Making video as useful as text in the enterprise has been a challenge. “This market has been very specialized,” Brown says, “and has not been broadly accessible to enterprises outside those geared specifically toward media production. Because Mediasite indexes the videos, captures the screen presentations and makes them searchable, users can find topics of interest. By clicking on a slide below the video window, users can sync to the presenter’s spoken presentation.”
“Video has been isolated from other enterprise content because it needs to be managed differently,” Brown continues. “By enabling our videos to be checked into DAM systems, we can let users gain access to video content along with their other rich-media assets.” According to Brown, enterprises can stand to gain more if they begin to view video not as a separate entity, but as a knowledge asset just as they do documents, graphics and structured content. “Video is a great way to capture tacit knowledge and integrate it with enterprise content,” he says.
Enhancing SharePoint video management
As a pervasive content management and collaboration platform, Microsoft SharePoint is a likely place to store videos, but it is limited in its ability to manage them, including searching for them. Ramp Video Management for SharePoint (including versions for SharePoint Online, 2013 and 2010) is a video content solution that stores, distributes, streams and automatically creates metadata that facilitates search of video content. Ramp can manage video and audio content from virtually any source, including recordings generated by Web conferencing platforms such as WebEx.
“The demand for video has exploded,” says Tom Wilde, CEO of Ramp. “Initially the primary use case was online video. Now, a lot is happening behind the firewall. Live town halls by CEOs, portals for knowledge management and training, certification, compliance and many other applications are fueling the need for more efficient management of these assets.”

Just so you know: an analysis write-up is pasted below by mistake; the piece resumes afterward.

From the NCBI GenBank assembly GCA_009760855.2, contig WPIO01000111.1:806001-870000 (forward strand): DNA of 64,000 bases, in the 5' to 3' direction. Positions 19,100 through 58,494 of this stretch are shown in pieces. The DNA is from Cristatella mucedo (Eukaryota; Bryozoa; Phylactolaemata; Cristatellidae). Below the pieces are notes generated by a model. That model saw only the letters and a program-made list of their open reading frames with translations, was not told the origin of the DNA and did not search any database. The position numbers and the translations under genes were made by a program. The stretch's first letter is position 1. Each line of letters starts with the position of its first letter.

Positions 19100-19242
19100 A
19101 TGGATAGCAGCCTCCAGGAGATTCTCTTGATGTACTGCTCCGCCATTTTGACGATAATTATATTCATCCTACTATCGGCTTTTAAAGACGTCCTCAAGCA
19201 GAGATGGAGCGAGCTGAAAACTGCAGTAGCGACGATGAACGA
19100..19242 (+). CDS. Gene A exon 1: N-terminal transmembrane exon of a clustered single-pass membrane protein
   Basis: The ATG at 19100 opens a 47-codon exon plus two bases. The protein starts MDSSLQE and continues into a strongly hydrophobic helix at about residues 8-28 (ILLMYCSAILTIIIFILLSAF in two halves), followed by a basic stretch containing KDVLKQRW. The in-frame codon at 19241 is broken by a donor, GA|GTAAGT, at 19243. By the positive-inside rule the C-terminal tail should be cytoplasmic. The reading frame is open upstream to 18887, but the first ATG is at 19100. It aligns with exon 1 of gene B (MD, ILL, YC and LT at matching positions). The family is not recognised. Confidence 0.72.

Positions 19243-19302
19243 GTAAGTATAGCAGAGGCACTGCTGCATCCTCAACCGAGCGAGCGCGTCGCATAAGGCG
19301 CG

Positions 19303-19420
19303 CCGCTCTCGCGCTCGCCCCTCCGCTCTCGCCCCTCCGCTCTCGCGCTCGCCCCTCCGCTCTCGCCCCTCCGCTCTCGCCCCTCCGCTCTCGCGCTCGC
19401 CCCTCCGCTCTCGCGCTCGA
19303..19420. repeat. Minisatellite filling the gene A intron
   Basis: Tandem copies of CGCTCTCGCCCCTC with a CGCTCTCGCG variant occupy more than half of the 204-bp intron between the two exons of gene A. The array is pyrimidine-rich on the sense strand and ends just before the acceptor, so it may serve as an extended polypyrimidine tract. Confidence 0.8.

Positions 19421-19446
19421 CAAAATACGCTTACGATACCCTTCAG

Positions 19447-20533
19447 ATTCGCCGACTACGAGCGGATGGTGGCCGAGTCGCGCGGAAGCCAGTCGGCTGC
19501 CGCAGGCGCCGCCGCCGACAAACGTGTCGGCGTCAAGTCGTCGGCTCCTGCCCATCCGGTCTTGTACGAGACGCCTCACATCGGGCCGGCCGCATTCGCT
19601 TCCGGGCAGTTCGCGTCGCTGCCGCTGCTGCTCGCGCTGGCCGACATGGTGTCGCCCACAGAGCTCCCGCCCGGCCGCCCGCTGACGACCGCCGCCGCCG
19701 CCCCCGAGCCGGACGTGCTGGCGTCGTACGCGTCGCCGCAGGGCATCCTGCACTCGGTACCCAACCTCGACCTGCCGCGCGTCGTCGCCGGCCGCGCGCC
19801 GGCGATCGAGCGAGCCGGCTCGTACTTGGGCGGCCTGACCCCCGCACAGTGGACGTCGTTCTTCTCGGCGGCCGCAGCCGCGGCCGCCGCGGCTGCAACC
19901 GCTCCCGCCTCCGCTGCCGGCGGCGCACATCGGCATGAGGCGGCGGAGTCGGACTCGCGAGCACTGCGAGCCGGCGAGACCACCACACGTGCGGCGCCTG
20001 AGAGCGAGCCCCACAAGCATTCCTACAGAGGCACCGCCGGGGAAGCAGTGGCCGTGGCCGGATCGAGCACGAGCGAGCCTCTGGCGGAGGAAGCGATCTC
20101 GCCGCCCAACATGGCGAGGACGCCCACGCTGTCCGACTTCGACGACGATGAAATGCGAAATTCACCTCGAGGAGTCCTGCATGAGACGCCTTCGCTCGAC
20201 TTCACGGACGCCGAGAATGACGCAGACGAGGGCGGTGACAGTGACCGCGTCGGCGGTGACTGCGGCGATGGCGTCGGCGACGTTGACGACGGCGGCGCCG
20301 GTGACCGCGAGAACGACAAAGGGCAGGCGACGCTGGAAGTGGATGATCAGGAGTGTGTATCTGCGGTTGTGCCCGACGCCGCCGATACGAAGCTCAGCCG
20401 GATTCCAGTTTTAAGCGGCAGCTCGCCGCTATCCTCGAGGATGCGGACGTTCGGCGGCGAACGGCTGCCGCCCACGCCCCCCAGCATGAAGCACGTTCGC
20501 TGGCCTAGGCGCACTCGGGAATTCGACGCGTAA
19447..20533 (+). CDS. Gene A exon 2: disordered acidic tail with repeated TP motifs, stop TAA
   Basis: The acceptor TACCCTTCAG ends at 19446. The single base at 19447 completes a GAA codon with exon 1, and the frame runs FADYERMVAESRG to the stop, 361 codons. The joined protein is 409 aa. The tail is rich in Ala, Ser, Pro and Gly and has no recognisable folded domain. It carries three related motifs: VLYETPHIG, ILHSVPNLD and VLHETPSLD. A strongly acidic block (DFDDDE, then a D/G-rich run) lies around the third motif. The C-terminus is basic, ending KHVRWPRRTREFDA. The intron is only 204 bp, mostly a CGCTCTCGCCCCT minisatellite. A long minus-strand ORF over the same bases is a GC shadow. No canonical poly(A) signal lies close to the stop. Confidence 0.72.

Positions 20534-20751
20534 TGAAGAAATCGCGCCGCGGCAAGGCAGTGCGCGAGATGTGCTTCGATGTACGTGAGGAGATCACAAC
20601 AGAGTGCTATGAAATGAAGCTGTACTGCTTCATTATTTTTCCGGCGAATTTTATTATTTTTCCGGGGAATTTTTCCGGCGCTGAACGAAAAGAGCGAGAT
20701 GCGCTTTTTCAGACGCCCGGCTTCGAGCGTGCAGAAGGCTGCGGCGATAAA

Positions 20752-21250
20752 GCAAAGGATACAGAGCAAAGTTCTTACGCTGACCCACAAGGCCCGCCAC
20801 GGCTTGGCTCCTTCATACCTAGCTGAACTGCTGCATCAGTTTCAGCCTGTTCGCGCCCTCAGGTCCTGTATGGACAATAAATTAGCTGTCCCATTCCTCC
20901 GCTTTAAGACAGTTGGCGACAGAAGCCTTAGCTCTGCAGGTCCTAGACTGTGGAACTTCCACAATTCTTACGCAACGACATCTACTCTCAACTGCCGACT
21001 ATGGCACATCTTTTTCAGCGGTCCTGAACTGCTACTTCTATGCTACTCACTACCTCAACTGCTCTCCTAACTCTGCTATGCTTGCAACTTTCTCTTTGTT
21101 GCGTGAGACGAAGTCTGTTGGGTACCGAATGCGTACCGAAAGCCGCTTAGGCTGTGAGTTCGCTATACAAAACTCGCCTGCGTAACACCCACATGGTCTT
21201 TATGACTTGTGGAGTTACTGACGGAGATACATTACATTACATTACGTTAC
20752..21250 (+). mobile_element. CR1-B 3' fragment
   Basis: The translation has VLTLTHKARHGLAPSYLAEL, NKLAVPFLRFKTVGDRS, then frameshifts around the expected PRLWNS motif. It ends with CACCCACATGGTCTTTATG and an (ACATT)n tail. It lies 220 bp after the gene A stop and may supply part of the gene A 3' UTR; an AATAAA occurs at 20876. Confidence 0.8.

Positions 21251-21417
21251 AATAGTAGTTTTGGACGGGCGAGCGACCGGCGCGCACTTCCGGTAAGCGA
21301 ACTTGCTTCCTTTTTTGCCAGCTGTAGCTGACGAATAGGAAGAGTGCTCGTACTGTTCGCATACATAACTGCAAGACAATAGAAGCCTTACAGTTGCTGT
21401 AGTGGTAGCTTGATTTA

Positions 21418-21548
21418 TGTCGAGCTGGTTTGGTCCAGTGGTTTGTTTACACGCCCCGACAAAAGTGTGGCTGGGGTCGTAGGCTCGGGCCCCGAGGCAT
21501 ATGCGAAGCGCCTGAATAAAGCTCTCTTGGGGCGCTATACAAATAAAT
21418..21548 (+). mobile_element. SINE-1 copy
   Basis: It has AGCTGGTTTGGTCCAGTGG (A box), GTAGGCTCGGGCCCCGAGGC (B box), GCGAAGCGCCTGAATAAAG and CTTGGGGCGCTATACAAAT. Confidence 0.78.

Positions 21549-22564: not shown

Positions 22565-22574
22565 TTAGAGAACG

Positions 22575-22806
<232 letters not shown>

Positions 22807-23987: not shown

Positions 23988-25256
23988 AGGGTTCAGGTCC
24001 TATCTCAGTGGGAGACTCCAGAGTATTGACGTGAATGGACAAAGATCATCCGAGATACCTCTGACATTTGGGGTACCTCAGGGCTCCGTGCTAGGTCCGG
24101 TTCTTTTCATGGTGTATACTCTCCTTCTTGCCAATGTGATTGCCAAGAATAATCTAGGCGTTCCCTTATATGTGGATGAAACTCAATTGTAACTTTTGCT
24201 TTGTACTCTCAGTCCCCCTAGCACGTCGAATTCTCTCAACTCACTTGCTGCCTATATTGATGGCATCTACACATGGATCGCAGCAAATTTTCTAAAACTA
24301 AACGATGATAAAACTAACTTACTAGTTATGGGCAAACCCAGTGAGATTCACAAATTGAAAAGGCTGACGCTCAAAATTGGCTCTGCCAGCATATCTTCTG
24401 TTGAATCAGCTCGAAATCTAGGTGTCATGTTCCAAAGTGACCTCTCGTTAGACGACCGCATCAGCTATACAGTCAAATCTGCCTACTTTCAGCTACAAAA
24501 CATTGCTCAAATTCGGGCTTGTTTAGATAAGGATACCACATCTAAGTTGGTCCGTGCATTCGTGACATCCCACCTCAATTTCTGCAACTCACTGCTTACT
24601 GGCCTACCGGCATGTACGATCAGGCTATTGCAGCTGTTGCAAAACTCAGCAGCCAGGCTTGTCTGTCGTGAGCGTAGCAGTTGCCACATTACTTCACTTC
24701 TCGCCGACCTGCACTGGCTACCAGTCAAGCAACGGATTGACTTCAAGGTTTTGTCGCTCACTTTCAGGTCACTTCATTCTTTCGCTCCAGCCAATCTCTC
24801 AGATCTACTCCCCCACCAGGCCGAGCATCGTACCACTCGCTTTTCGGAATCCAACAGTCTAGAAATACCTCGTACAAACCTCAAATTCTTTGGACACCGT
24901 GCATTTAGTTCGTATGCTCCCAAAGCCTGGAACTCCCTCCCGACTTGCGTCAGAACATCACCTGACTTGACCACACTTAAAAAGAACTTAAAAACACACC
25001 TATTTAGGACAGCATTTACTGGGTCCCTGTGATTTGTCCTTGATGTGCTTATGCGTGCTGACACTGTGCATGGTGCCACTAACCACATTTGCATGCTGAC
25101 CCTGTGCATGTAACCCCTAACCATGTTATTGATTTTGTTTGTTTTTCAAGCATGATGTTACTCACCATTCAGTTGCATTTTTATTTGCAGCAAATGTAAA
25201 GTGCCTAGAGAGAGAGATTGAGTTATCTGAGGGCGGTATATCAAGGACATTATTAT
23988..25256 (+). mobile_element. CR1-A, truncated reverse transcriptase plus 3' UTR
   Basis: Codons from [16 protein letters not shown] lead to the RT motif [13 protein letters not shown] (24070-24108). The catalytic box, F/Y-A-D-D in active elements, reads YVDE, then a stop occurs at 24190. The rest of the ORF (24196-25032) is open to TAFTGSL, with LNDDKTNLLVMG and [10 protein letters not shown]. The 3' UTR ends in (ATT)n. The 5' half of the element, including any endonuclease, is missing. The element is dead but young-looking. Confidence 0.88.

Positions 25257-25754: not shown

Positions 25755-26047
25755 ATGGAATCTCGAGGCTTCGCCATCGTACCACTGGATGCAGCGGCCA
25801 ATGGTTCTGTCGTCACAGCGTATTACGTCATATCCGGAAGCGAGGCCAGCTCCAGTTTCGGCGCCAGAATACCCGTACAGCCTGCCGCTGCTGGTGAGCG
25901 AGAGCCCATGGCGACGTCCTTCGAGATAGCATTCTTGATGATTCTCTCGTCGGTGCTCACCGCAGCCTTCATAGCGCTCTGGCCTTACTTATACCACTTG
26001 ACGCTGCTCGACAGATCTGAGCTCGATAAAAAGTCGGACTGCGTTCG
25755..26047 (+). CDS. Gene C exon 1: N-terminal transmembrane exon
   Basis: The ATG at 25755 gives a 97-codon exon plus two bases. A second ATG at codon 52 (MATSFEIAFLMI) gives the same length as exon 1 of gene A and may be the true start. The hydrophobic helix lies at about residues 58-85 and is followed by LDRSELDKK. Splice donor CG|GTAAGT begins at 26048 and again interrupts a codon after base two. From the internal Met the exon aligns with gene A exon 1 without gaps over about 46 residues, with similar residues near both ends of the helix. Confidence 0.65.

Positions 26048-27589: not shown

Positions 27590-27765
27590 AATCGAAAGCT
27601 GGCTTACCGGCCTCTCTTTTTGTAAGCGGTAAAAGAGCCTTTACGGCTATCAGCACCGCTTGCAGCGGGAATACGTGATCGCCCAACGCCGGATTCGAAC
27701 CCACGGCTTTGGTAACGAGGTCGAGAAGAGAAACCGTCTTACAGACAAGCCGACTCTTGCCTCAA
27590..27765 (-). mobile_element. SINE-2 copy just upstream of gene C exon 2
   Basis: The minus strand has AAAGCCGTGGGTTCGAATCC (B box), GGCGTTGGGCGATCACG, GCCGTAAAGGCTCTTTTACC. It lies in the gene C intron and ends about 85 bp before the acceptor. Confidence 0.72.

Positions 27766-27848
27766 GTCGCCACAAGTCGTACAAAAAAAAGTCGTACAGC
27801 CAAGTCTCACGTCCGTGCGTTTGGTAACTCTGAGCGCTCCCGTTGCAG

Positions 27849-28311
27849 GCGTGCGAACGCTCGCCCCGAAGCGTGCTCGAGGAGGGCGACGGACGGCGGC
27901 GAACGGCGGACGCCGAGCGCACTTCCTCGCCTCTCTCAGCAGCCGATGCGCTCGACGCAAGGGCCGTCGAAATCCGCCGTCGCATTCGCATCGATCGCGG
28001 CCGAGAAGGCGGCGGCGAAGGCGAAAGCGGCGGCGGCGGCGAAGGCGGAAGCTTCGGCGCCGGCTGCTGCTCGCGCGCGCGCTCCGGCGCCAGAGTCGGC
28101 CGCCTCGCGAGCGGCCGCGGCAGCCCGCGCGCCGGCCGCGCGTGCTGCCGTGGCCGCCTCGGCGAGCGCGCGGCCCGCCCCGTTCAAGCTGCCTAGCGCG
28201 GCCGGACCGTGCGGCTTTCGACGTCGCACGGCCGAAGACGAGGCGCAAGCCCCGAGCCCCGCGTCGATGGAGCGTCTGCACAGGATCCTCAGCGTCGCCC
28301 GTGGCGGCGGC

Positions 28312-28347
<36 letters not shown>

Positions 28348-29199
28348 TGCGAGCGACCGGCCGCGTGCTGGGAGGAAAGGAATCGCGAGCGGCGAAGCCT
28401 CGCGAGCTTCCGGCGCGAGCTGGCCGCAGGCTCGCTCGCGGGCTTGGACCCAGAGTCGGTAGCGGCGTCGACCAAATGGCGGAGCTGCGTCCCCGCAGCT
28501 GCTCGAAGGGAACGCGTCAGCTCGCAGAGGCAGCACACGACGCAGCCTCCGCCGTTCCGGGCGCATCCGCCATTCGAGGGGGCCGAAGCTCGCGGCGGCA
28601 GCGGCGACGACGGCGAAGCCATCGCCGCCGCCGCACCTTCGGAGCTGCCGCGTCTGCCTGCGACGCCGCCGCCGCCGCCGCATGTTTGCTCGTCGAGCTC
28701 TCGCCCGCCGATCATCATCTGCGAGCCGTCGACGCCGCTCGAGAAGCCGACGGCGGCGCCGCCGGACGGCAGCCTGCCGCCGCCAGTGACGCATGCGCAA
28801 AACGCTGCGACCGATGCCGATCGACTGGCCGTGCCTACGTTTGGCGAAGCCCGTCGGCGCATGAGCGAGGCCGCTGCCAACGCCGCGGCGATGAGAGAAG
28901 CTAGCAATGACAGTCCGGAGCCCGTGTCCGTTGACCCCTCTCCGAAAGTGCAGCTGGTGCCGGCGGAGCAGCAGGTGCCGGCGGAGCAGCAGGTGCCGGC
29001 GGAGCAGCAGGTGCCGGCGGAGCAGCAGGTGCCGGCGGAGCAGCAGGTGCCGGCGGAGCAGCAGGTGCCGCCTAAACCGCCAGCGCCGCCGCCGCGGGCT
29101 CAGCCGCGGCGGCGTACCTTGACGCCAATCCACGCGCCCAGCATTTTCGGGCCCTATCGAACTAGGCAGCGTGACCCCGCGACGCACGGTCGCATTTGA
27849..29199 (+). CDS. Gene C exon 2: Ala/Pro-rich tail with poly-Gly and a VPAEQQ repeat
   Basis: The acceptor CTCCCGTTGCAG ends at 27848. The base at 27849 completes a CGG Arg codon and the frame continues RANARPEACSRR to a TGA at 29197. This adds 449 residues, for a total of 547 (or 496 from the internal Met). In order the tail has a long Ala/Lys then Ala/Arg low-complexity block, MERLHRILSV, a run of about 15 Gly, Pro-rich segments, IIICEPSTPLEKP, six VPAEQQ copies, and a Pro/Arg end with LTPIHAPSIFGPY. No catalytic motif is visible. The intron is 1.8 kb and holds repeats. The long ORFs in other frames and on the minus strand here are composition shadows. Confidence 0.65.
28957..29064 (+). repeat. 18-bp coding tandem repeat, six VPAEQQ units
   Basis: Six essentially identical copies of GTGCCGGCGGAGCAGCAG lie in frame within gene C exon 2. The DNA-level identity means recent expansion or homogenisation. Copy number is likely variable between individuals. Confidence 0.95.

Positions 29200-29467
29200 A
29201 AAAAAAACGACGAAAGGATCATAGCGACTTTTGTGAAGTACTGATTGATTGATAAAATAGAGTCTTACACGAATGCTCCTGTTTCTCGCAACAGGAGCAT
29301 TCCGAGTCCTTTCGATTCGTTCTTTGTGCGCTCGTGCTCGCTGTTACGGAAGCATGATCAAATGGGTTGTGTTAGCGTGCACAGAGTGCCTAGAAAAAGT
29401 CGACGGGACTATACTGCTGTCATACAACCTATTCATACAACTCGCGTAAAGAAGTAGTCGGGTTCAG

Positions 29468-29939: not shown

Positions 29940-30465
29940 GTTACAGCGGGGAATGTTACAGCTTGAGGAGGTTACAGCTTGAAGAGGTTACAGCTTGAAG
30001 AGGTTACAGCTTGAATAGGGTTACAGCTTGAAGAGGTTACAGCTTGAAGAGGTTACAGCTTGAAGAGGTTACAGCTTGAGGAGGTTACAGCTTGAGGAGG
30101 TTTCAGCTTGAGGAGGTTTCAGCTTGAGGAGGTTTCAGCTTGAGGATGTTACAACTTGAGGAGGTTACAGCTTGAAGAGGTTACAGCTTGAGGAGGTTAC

Ramp software ingests video and audio content and uses natural language processing to convert the audio to text, then automatically creates time-coded metadata for the video. That processing allows keyword searching of the content and easy identification of the segments of interest to a user. “Many WebEx presentations are created routinely by organizations, but if they cannot be located or are not searchable, they lose their value,” Wilde says.
Because many enterprise networks do not have wide area networks (WANs) that are adequate to reach outlying regional areas, Ramp has joined the Riverbed-Ready Technology Alliance program. Riverbed technology supports a private caching network within a company. When multiple users are accessing the same content, it is cached locally to relieve traffic on the WAN to improve performance.
With the phasing out of Microsoft’s Windows Media Server and Silverlight, companies are seeking alternatives for multicasting video, long accepted as an efficient approach to stream video to multiple recipients. In May 2015, Ramp introduced the Ramp Multicast Engine (RME), which uses a company’s existing WAN infrastructure to support live video delivery of HTTP Live Streaming (HLS) video to iPhones, iPads and other mobile devices, which standard multicast solutions cannot do.
“We want to make video as accessible as any other knowledge asset,” Wilde says. “In addition, our technology helps organizations leverage their existing investment, whether that is their network, their document management system or other resource.”
Digital asset management is still developing, according to Forrester’s Yakkundi. “Some vendors are behind in cloud delivery, and workflow could be improved,” she says. On the customer side, understanding the different use cases and the resulting implications for technology requirements should be a priority.